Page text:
MY BARGAIN wine discovery of the year so far is a wine from
Alsace: a Riesling Rebgarten 2009, from the Pfaffenheim
Co-operative. It is comparatively rare for a wine from Alsace to be
sold with a vineyard name, unless it has the superior rating of a
I showed this at a tasting for wine-trade students, and they all
gave it a minimum retail price of £15. This is scarcely surprising,
as 2009 is an outstanding vintage in Alsace. Perhaps I should warn
you that this wine has the rather different smell and taste that is
peculiar to many older Rieslings - that of mineral oil.
Notwithstanding this, it is a wine that I, and the others, really
enjoyed. The price? Just £6.99, at Lidl.
Those with a wine-drinking history of a certain length will
remember when the British white-wine market was dominated by
so-called Rieslings from Eastern Europe. In fact, these were not
true Rieslings at all. The true Riesling is one of the great
grape-varieties in the wine world, capable of producing not only
outstanding dry wines, but also some of the finest sweet ones. It
shows at its best in Alsace and Germany, but also in some of the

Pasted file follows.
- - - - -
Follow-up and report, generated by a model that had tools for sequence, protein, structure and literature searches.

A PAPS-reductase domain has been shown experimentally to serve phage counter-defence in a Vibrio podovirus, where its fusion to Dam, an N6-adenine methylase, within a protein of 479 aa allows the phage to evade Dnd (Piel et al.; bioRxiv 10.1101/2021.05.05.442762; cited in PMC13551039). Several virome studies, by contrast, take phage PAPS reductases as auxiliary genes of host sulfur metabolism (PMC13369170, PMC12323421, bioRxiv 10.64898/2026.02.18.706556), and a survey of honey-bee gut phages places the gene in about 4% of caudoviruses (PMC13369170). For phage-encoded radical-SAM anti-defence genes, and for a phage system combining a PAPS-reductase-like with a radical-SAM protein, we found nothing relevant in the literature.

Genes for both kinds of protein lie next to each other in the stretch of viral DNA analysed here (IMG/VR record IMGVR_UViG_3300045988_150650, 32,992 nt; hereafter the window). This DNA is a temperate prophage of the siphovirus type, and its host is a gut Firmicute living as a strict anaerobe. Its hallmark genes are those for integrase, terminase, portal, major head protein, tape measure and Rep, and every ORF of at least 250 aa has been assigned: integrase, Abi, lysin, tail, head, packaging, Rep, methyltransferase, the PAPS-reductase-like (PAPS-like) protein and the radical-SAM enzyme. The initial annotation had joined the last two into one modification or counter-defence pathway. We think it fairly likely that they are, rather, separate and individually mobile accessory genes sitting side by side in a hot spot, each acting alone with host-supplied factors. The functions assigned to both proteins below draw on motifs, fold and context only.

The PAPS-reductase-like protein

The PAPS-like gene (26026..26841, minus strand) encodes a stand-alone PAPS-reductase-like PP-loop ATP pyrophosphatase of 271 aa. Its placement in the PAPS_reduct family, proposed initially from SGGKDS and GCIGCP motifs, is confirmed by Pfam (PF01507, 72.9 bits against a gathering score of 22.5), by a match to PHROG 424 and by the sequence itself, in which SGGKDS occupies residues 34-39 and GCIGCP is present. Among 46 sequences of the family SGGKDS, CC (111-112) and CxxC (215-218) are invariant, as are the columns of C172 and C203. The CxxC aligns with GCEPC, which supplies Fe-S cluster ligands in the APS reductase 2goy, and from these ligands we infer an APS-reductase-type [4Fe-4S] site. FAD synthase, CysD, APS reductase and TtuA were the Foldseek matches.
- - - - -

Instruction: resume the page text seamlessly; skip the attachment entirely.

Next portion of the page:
cooler wine regions in Australia.
In Alsace, its pinnacle is widely considered to be from the
small vineyard of Clos Sainte Hune, which belongs to the Trimbach
family. Their other outstanding Riesling is their Cuvée Frédéric
Emile. If you want to start at the top, Waitrose has the 2006
vintage for £33.99. A humbler representative, the Riesling
Kaefferkopf 2012 Henri Erhart, is at Tanners, at £11.70. This has
the classic minerality, as well as a crisp citric acidity.
From Germany, there is nothing I enjoy more than a chilled
Mosel. Low in alcohol, often no more than eight degrees, and with a
touch of sweetness, they are wines for social drinking. Such a wine
is the Grey Slate Dr. L Private Reserve 2013 (Waitrose, £9.99) with
complex flavours of apple and nectarines. If you prefer something
sweeter, try the Wehlener Sonnenuhr Riesling Auslese 2011, Heribert
Kerpen, a Dolly Parton wine with opulent rich fruit and no more
than 7.5 degrees (Tanners, £16.90).
In other parts of Germany, the sweeter styles of Riesling have
largely been abandoned in favour of dry wines with a distinctly
higher degree of alcohol, such as Kendermann's Special Edition
Riesling 2013, from the Pfalz region (12 degrees, Waitrose
In Australia, the best Rieslings come from the Clare and Eden
Valleys in south Australia, although wines from the south-west
corner of western Australia and Tasmania are beginning to create a
From the Clare Valley, I would suggest Jim Barry's The Lodge
Hill 2013 (Majestic and Co-op, around £14); from the Eden Valley,
Pewsey Vale The Contours Museum Reserve 2009 (Oddbins £16.99); and,
from Tasmania, the Tamar Ridge Kayena Vineyard 2010 (Wine in
Cornwall and Bowland Forest Vintners, £16.50). The Riesling
revolution is well under way.